Johnson's rhetorical question might be answered simply by looking back at his performance at the Sentry Tournament of Champions earlier this month, an eight-shot romp that featured a tee shot on the 433-yard 12th hole that bounded down a slope to within inches of the hole.

Johnson appeared much more willing to consider a reduced-distance ball option at the Hero World Challenge in November, when he sat next to tournament host Tiger Woods and supported Woods' notion that the ball should be addressed.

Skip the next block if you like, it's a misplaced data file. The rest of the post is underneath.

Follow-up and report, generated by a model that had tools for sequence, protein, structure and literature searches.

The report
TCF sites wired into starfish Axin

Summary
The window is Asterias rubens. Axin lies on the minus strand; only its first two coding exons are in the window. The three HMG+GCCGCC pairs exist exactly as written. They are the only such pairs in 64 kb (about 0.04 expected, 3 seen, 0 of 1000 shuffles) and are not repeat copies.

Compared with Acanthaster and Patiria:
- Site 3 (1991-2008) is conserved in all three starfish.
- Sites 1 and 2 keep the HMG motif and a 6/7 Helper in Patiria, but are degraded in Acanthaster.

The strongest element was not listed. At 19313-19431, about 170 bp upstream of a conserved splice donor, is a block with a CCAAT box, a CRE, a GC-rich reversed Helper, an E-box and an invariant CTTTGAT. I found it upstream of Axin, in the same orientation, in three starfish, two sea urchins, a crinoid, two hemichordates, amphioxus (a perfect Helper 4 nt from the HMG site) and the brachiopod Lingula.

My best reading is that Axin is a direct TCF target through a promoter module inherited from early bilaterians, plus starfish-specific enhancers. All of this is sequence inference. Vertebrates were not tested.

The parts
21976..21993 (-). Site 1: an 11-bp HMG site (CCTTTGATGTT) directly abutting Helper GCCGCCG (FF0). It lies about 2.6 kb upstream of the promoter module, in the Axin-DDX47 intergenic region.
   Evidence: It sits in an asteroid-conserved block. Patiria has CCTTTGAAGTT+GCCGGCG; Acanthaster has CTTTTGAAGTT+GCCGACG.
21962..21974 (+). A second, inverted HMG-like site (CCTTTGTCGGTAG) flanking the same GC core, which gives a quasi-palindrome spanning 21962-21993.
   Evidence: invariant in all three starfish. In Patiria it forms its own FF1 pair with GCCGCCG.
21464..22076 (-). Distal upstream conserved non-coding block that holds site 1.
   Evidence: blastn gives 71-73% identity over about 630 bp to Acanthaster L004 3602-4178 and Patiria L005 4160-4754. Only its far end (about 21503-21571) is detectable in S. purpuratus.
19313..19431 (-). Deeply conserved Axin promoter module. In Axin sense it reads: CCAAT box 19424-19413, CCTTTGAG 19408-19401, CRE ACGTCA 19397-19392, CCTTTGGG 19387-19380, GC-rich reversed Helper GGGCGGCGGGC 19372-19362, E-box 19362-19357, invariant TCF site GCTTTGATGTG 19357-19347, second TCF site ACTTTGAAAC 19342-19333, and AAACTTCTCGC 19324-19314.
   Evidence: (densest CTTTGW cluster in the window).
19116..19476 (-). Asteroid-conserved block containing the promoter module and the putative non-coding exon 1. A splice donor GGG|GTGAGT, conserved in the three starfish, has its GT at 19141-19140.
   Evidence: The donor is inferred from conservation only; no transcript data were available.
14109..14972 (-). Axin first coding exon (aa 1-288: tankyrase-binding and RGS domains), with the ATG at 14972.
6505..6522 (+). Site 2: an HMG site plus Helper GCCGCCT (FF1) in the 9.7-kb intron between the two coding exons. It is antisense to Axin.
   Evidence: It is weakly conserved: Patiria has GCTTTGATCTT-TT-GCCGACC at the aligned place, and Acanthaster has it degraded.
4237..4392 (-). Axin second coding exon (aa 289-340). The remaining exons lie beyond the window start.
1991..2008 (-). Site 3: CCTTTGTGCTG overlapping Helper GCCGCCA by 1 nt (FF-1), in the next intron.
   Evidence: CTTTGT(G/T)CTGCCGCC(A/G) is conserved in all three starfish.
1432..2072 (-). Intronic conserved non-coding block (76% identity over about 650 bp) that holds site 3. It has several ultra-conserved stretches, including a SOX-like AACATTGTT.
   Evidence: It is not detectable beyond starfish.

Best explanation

"I don't mind seeing every other professional sport, they play with one ball. All the pros play with the same ball," Johnson said. "In baseball, the guys that are bigger and stronger, they can hit a baseball a lot further than the smaller guys. ... I think there should be some kind of an advantage for guys who work on hitting it far and getting that speed that's needed, so having a ball, like the same ball that everyone plays, there's going to be, you're going to have more of an advantage."

Speaking Wednesday in Abu Dhabi, Johnson stood by the notion that regardless of whether the rules change or stay the same, he plans to have a leg up on the competition.

"If the ball is limited then it is going to limit everyone," he said. "I'm still going to hit it that much further than I guess the average Tour player."